Love is not a thing that happens to us, psychologist Erich Fromm argues, it is a thing we do. Published in 1956, Fromm's The Art of Loving describes love -- for our neighbor, for our partner, and for God -- as an activity, requiring study, practice and intent.
Love is a skill set human beings develop and use through their own will, not a prize won by gaining someone else's affection and trust. Learning about and practicing love, Fromm says, ought stand at the center of our lives.
Exercising this skill is not only virtuous; it is key to resolving the "anxiety of separation" that lies at the heart of our lives. No longer united with God, or under the safe blanket parental love provides, human attention strays to focus on work, sensory pleasure or conforming with the broader culture. Each in turn emulates some, but not all, of love -- love is interpersonal, permanent and truly unitive.
The unity we seek -- unity with another person -- can only be accomplished through the work of love.
Fromm's elegant and challenging description of love, however, is not without the flaws of his time and place. The Art of Loving exclusively describes heterosexual love driven by gender roles, defining masculinity and femininity as character traits innate in men and women.
With those assumptions comes a host of declarations about how human beings ought grow, develop and act. Children, Fromm says, should transition gradually from "motherly" to "fatherly" love. Men should represent discipline and adventurousness to contrast with feminine protection and realism. Psychological illness, he concludes, results from a "disordered" attachment to one parent over the other.
These outdated notions, which bear some unfortunate parallels to church teachings on the nature of human beings, are rightly distasteful to modern ears. Taken in isolation, Fromm leaves us an unfortunate dichotomy: it seems we must choose either the objective, material love of contemporary culture or Fromm's activity-driven holistic love, paired with his strict definitions of how human beings ought grow up and behave.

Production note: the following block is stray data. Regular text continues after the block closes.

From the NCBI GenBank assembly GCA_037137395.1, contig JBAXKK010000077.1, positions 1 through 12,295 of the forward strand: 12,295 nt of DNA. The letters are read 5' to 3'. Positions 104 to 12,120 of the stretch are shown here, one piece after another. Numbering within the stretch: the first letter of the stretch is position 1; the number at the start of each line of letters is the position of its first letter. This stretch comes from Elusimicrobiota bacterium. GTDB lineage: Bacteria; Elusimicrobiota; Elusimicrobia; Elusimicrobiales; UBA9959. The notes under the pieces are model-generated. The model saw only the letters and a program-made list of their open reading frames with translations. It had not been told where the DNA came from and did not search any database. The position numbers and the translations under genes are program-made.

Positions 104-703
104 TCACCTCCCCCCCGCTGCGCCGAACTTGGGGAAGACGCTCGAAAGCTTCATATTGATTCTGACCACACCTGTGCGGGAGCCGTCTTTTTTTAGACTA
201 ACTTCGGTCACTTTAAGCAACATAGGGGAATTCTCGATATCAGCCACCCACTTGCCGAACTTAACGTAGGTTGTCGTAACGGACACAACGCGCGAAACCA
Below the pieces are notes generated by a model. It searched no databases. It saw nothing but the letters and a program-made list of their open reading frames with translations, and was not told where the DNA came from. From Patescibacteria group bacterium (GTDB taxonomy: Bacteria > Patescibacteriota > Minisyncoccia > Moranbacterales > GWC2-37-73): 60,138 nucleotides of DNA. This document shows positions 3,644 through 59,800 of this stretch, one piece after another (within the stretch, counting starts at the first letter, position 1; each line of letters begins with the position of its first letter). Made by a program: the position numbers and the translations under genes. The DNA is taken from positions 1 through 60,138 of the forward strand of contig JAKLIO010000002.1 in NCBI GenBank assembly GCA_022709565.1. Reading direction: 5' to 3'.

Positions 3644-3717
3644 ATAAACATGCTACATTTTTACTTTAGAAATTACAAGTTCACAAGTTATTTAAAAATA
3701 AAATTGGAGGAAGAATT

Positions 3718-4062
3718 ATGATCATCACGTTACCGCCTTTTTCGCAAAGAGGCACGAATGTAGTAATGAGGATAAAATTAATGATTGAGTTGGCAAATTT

This dichotomy is false. Through faith, we can preserve both Fromm's emphasis on love as skillfulness and a respect for all individuals and ways of life.
Fromm posits that love for God bears much resemblance to love for human beings.
"To love means to commit oneself without guarantee, to give oneself completely in the hope that our love will produce love in the loved person," he writes. "Love is an act of faith, and whoever is of little faith is also of little love."
Like loving God, loving another person is taking the big leap: assuming that under their bones and blood lies a self which persists and will love you back. To love is to posit the soul.
Love is also a leap of faith in its universality: "If I can say to somebody else, 'I love you,' I must be able to say, 'I love in you everybody, I love through you the world, I love in you also myself.'"
Universal love, however, is much more than tolerance. For believers in a creative God, responsible for the specialness of each human character, it is insufficient to love the poor, the oppressed, or the different in the abstract. We are called to love them, each of them, even if they do not play to our expectations and especially if they don't deserve it.
Without a love for the humanness in each person, Fromm argues, we cannot love that which is human about anyone. He who loves once, Fromm argues, is challenged to love constantly, to grow from love of one to love of all things.
Buried in a culture and a church which often fail to appreciate the divine origin of human difference, loving all the time is the most difficult Christian challenge.
Seattle evangelical pastor Mark Driscoll drew attention this week for declaring, in his Sunday sermon, “God hates, right now, personally, objectively hates some of you.”
To understand love as Fromm does is not only to render such an idea repugnant but incomprehensible. The God we understand, who created and sustains the universe, is in a real sense love, the force by which the creation of life occurs.
Even the wrath of the Old Testament God, with its ultimate direction towards creativity, is a sign of love. Love is not only a gift God provides every living being -- it is, properly understood, the only thing God could ever do.
[Chase Nordengren is a graduate student at the University of Washington in Seattle, where he studies education policy. Among other projects, he edits a set of reflections on contemplative spirituality called "At Once Good and Imperfect" at goodandimperfect.net.]
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